Shiitake mushroom harvest and scallions

Day 8… harvest time! Yay!

Chris cooked some of them with the chicken thighs…. delicious! I think I’ll saute the rest tomorrow night. They are so flavorful and soft.

shiitakes on day 8 after harvest

shiitakes on day 8 after harvest

I forgot to mention that the scallion reboot that I found on pinterest really works! Cut organic scallions down to 2-3″ above the roots and you can stick them in water to regrow them!

Here is mine after 2 days… the tall one is after 5 days (I tested that one first)… the shorter ones, only started 2 days ago were older and staring to wither but this still works! So cool…

tall scallion after 5 days, others after 2 days

tall scallion after 5 days, others after 2 days


Shiitake Mushrooms

7 days after receiving and soaking the mushroom kit, lots of mushrooms are growing! They might have started earlier but I had to buy a spray bottle to mist it daily.


close up

sideview longview

I found a website that explained when to harvest:

Harvest when white, cottony veil beneath the cap has fully broken away from the stem or, if you want really large mushrooms just let them grow….

that sounds easy enough.  🙂


Pickled Asparagus and Sprouting Things

Tonight I made pickled asparagus with 4 bunches of organic asparagus.

Chris and I recently went to New Hope and I found a book called Food in Jars in a local book shop. I can’t resist books with titles like that, so I picked it up, and it has great recipes. There are so many that I want to try this summer.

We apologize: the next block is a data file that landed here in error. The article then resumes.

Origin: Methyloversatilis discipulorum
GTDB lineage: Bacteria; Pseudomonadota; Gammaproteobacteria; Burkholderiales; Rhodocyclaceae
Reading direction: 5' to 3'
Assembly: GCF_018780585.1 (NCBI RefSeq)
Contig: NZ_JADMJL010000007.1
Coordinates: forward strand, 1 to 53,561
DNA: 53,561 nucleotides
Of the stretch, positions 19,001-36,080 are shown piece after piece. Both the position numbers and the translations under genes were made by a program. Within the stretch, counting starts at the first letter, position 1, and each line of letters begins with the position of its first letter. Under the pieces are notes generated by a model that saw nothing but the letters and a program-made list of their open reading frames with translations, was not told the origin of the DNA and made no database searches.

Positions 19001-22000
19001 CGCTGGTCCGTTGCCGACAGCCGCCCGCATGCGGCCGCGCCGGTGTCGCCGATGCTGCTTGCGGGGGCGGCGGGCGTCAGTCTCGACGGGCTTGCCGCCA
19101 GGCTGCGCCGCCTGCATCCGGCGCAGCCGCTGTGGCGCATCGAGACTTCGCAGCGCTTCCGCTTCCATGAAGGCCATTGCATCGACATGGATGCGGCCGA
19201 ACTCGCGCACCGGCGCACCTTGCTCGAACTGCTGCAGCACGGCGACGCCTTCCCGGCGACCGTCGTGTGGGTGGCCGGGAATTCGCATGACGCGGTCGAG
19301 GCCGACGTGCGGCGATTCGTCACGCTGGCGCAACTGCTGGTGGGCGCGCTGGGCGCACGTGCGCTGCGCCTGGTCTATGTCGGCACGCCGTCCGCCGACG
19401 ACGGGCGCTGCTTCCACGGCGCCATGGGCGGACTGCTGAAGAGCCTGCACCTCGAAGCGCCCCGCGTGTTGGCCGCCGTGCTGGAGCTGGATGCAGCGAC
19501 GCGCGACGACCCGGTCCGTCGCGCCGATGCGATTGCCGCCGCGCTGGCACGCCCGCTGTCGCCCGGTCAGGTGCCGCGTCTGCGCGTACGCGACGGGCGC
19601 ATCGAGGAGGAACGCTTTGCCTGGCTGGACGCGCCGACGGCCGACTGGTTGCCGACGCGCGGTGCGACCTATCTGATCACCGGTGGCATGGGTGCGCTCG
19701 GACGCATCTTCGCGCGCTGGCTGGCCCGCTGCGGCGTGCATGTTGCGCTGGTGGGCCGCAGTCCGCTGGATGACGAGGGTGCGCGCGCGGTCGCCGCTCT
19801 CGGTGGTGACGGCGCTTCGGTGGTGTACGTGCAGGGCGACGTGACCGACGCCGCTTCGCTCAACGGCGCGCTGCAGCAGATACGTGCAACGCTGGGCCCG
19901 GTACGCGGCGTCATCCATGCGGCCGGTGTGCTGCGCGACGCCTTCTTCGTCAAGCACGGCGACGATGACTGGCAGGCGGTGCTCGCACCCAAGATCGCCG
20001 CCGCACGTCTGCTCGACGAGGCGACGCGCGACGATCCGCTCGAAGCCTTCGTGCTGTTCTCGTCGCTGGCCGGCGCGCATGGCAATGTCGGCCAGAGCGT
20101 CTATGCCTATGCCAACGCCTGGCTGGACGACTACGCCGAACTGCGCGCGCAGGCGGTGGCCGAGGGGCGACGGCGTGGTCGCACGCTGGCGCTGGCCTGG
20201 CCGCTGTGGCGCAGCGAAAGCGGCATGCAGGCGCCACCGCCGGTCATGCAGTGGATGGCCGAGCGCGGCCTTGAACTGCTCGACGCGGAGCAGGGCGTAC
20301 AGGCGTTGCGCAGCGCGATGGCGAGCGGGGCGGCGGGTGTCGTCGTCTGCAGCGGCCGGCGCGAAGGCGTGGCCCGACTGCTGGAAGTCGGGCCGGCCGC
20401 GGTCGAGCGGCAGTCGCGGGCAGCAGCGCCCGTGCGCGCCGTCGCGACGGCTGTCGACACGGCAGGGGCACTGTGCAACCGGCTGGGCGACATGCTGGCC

Since spring is here and the asparagus is starting to pour in I thought I’d make a pickled version. The author recommended using Penzey’s pickling spice, which is a mail-order company. It’s amazing. It arrived today and their herbs and spices are so fresh… they smell incredible! I can’t wait to use it again. I also ordered ground anise (so that I can bake anisette toast) and they sent us a free lemon pepper spice blend. Yum. That will be great on the fish that I plan to make more often.

Penzeys pickling spice - it smells so good! Pretty too.

Penzeys pickling spice – it smells so good! Pretty too.

As far as this recipe is concerned, next time I have to but the asparagus shorter, the tips bent over because I didn’t factor in the thickness of the slice of lemon on the bottom of the jar when I trimmed the asparagus. I also had to leave out the dried chili because I forgot to buy it. Hope it still comes out ok. I’ll know in 24 hours… I might let it sit a little longer to let it get more pickly.

waiting for spices and pickling juice

waiting for spices and pickling juice – they’re too tall!

4 bunches made 4 pint jars. Adapted from Food in Jars, by Marisa McClellan


  • 4 pounds asparagus, trimmed to fit your pint jars and blanched in boiling water for approximately 10 seconds
  • 3 cups vinegar (half apple cider vinegar, half white vinegar) – I only had white
  • 3 cups water